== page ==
Perhaps as a child you had the chicken pox
and your mother, to soothe you in your fever
or to help you fall asleep, came into your room
and read to you from some favorite book,
Charlotte’s Web or Little House on the Prairie,
a long story that she quietly took you through
until your eyes became magnets for your shuttering
lids and she saw your breathing go slow. And then
she read on, this time silently and to herself,
not because she didn’t know the story,
it seemed to her that there had never been a time
when she didn’t know this story—the young girl
and her benevolence, the young girl in her sod house—
but because she did not yet want to leave your side
though she knew there was nothing more
she could do for you. And you, not asleep but simply weak,
listened to her turn the pages, still feeling
the lamp warm against one cheek, knowing the shape
of the rocking chair’s shadow as it slid across
your chest. So that now, these many years later,
when you are clenched in the damp fist of a hospital bed,
or signing the papers that say you won’t love him anymore,
when you are bent at your son’s gravesite or haunted
by a war that makes you wake with the gun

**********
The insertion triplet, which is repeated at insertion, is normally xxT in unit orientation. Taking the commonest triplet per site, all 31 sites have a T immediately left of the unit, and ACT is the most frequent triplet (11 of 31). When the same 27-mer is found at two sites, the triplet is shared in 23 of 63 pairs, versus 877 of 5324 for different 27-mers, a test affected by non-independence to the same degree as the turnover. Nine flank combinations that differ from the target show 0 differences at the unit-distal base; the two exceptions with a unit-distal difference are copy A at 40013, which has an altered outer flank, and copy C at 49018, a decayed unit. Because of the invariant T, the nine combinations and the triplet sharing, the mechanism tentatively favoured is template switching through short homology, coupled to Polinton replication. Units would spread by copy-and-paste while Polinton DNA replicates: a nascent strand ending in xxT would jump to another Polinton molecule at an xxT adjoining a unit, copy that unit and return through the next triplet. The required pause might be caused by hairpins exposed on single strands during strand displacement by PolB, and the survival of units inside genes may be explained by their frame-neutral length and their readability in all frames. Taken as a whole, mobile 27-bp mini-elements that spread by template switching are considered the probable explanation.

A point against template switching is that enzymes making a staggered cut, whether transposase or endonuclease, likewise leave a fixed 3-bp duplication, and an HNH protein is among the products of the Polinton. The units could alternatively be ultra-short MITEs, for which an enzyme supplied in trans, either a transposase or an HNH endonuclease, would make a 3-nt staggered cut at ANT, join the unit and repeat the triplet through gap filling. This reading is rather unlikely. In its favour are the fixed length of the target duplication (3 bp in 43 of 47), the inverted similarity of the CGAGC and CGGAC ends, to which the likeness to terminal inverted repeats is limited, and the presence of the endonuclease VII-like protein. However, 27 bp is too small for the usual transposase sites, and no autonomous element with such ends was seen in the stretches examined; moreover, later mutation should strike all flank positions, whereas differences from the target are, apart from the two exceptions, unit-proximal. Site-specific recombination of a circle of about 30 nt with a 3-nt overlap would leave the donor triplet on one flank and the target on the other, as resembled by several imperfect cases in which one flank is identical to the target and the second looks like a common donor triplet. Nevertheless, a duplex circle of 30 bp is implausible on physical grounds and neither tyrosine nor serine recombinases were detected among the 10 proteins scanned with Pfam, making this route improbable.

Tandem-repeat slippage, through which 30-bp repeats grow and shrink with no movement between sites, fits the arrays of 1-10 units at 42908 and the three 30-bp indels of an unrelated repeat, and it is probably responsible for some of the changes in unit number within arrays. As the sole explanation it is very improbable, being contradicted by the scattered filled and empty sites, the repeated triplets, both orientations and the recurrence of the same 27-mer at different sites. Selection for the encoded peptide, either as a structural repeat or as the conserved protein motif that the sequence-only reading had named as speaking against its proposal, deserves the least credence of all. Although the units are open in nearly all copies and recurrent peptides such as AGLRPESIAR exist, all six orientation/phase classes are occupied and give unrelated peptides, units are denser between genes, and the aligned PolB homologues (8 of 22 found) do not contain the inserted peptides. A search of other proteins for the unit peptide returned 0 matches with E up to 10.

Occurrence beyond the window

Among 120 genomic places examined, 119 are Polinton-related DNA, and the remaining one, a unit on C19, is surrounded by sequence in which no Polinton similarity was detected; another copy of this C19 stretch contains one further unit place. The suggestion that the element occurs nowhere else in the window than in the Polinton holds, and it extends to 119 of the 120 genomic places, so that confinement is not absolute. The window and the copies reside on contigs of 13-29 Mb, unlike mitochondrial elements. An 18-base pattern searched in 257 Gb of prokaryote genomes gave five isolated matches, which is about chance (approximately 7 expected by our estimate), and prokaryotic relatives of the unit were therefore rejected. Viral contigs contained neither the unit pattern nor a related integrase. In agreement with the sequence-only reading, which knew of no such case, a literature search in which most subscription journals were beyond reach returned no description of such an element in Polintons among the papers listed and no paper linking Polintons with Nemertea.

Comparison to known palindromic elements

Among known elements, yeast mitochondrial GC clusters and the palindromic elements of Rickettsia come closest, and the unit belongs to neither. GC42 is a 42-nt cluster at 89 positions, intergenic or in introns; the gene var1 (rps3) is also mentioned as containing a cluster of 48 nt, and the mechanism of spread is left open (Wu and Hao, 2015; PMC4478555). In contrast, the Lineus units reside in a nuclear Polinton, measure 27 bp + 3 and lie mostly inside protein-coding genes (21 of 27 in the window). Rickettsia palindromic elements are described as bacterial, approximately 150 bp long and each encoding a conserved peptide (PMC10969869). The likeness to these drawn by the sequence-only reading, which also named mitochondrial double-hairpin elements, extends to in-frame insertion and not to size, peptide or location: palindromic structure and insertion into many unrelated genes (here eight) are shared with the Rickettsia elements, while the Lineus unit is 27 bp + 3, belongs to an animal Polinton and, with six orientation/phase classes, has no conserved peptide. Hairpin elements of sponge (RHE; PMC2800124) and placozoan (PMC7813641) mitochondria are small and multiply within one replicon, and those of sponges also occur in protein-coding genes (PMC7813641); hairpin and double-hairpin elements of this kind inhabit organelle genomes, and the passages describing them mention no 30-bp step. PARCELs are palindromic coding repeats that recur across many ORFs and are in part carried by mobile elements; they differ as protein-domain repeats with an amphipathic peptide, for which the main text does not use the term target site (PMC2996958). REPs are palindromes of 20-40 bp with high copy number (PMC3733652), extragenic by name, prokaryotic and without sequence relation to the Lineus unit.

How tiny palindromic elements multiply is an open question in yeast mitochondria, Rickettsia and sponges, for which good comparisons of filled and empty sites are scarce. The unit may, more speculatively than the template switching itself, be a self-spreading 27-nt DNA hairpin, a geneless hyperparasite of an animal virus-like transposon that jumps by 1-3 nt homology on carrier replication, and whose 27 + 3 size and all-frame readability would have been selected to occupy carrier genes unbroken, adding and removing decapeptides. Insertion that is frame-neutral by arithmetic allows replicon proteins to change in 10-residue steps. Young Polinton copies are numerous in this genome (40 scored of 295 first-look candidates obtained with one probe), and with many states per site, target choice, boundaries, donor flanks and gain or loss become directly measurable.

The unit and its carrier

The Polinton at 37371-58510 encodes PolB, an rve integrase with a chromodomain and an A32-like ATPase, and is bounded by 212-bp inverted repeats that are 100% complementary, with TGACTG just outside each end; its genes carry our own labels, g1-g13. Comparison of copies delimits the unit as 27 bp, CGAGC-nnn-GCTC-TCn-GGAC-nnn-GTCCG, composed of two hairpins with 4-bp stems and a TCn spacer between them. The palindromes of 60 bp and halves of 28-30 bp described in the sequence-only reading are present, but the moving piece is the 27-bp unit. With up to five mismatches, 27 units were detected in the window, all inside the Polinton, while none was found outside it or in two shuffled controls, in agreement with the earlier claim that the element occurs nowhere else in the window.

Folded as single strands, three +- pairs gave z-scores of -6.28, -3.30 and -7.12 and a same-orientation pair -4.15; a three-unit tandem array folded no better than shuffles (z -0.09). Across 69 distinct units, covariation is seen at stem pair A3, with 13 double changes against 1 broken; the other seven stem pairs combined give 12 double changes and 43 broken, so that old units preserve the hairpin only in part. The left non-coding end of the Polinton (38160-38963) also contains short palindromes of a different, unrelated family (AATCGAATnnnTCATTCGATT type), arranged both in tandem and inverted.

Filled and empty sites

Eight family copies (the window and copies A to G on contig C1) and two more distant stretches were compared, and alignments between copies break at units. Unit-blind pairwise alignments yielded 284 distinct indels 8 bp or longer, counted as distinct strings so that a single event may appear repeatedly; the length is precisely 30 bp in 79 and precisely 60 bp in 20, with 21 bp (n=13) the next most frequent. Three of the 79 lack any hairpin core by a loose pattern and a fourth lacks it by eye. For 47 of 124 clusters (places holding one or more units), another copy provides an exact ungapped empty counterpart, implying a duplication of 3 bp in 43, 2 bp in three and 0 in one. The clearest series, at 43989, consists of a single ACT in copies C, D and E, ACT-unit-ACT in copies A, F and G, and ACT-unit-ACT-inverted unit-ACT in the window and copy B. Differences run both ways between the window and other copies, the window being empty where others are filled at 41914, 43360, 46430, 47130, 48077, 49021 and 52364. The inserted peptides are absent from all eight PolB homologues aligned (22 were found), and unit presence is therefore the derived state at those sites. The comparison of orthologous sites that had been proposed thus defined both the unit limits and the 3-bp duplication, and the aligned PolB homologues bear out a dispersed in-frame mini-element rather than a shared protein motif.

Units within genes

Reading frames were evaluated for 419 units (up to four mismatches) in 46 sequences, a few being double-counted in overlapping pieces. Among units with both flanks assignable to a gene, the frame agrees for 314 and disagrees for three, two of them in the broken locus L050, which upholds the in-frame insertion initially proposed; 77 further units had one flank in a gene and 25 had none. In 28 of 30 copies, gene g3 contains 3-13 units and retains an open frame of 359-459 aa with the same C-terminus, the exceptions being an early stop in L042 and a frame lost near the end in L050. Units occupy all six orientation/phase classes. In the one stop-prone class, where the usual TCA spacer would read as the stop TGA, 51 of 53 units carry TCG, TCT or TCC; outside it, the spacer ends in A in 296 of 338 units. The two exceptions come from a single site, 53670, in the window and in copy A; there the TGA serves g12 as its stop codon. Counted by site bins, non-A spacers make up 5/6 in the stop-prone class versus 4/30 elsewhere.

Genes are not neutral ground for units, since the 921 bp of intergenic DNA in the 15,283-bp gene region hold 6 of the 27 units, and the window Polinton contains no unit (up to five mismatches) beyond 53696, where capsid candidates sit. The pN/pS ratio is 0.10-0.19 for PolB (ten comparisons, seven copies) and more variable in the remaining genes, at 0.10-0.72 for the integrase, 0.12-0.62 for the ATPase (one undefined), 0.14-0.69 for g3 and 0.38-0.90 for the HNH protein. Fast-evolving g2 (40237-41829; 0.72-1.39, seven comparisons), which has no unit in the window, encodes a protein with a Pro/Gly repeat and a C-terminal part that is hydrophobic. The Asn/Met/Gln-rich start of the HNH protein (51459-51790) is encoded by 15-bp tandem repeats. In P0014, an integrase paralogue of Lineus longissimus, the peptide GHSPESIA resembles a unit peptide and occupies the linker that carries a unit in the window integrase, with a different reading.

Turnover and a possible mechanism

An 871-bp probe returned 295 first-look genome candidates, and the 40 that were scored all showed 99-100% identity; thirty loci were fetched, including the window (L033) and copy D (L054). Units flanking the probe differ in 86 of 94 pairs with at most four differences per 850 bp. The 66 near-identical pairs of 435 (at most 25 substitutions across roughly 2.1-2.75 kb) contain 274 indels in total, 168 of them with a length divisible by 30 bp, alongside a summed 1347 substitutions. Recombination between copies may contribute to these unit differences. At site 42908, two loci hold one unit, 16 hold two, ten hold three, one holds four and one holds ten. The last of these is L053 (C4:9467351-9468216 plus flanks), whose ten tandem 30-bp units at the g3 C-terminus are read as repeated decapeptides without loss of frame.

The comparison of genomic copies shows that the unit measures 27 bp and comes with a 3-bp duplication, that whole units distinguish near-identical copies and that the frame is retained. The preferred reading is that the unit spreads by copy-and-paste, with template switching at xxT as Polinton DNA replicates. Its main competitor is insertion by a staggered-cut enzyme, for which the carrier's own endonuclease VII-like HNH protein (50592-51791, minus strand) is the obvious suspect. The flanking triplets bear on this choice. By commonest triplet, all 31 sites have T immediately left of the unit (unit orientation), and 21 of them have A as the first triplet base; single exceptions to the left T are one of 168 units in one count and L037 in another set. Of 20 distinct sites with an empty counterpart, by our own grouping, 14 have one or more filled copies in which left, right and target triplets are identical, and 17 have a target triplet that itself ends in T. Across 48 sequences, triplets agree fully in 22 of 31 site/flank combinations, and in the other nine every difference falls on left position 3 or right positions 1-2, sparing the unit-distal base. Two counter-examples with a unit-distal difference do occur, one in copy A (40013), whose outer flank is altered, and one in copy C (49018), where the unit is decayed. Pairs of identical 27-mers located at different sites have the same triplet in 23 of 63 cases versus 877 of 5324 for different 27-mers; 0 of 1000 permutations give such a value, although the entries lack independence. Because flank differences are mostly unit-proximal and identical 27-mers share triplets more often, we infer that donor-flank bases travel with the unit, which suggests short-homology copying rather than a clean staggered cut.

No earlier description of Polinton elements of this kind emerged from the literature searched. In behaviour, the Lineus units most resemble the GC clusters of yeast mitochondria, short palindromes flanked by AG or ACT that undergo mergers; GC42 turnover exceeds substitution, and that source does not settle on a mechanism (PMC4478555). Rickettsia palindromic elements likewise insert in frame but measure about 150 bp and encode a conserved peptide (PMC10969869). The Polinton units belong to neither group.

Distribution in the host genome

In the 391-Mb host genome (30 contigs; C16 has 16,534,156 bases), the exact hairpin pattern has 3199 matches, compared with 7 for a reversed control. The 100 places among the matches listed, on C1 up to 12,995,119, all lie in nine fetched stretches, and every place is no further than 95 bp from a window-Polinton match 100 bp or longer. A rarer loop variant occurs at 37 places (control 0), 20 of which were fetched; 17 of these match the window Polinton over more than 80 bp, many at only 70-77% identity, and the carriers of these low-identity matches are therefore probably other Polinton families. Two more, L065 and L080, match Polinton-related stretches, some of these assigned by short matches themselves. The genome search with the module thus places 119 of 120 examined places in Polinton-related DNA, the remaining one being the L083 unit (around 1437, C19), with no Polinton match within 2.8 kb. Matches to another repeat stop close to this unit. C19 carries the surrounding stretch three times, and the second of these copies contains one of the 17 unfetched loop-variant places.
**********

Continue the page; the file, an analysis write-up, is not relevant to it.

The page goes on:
cocked in your hand, you would like to believe
that such generosity comes from God, too,
who now, when you have the strength to ask, might begin
the story again, just as your mother would,
from the place where you have both left off.
~Keetje Kuipers “Prayer”
“Flung is too harsh a word for the rush of the world. Blown is more like it, but blown by a generous, unending breath.”
It isn’t possible. The five year old me who long ago had a sudden terrifying revelation that I would some day cease to walk this earth has become the almost sixty two year old me who is more terrified at the head long rush of life than of its end. The world hurtles through space and time at a pace that leaves me breathless. Throughout my sixty-plus years, I have felt flung all too frequently, bruised and weary from the hurry and hubbub. I need Someone to stop me for a moment, sit down and begin the story again with me, starting right where we left off.
Now comes several days of breathing space, a respite from routine. I’m lifted lighter, drifting where I’m blown, less weighted with the next thing to do and the next place to be.
Instead I can just be — always part of the story to be told. Be blown away unending. Blown by breath that loves, fills and nurtures, its generous promise hopeful and fulfilled.
The old me simply ceases to be. Blown away.
If only the five year old me could have known.